With Obama's re-election, any notion that complexity of the relationship between the world's two largest economies could somehow change overnight has been quickly dispelled. Chinese state media issued its own view of the American election on Wednesday, saying Obama's re-election offered an opportunity to improve ties after a first term that many senior Chinese officials viewed as saying things one way then in many ways acting differently.
Regardless of the sentiment, China watchers say Obama's re-election, while not greeted with elation in Beijing, still provides some element of predictability going forward. There was perhaps greater concern if Mitt Romney had won, given how the Republican presidential candidate had turned China into the ultimate foreign policy bogeyman in the presidential campaign. Chinese officials made clear that any attempt to label their country a currency manipulator, as Romney pledged he would do his first day in office, would complicate the bilateral relationship even further. "There is certainly an exhale with regard to continuity, in that this is the devil that they know," Christopher Johnson, a former longtime China analyst at the CIA told CNN, regarding Chinese reaction to the election. "I would say they are sanguine, but not necessarily energetic or optimistic about the result."
Cheng Li, a senior fellow with the Brookings Institution, added that as Obama has "by and large" welcomed the rise of China on the global stage, the relationship between the two countries has been able to withstand periodic episodes of tension. Vice President Xi Jinping, who is widely expected to become the head of the ruling Communist party at the end of the current party congress, also is expected to become president of China in March of next year. He met President Obama during a visit to the United States last year, and toured the country with Vice President Joe Biden, with whom he is said to have a good relationship.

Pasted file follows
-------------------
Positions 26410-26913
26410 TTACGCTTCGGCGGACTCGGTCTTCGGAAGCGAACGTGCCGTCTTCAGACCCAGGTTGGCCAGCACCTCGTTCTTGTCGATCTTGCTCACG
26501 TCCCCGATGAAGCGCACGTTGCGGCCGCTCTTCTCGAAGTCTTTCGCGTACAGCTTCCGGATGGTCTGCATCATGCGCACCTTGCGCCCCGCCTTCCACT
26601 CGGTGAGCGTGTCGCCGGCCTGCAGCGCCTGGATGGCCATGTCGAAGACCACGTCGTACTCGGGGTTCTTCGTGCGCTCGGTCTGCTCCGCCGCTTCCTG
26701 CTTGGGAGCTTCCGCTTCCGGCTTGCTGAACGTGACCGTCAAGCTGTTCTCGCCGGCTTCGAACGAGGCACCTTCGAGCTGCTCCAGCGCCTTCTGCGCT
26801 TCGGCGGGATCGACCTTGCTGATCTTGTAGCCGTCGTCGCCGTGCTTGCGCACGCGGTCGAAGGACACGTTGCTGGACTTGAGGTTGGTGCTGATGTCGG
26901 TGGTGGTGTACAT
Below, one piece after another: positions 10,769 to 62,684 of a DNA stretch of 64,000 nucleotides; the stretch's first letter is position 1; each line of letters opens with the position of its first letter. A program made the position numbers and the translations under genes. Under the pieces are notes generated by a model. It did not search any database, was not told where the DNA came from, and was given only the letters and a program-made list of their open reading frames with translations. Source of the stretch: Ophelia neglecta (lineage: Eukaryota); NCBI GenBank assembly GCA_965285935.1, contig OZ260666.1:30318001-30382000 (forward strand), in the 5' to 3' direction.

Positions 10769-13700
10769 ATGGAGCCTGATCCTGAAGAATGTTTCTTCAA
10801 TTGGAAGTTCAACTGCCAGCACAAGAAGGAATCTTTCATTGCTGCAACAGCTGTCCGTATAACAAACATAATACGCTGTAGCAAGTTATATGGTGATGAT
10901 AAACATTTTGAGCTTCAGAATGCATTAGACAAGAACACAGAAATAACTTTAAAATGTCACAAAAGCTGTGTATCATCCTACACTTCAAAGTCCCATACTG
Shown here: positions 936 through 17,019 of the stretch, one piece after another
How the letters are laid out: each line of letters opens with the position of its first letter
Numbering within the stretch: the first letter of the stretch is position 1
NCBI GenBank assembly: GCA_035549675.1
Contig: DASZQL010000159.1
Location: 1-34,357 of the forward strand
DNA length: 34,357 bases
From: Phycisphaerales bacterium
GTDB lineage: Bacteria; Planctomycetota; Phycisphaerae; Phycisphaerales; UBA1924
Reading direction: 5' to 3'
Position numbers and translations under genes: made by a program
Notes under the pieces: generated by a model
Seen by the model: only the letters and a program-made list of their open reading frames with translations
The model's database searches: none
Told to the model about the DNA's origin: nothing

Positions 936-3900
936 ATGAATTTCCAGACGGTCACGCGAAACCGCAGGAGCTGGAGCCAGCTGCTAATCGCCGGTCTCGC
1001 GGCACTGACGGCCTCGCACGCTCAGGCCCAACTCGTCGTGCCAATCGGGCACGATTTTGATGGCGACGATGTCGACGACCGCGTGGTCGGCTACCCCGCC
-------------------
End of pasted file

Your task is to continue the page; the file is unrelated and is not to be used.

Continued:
Personal chemistry aside, the issues and challenges facing the administration in its engagement with China are long and daunting. They include a gargantuan trade deficit, Chinese cyberespionage and theft of U.S. intellectual property, not to mention ever-increasing Chinese military expenditures. But the relationship has become increasingly interdependent in today's globalized economy, and neither country is really in a position to let the relationship drift too far. Assistant Secretary of State for East Asian and Pacific Affairs Kurt Campbell recently referred to the bilateral relationship as the "most consequential" of the next decade.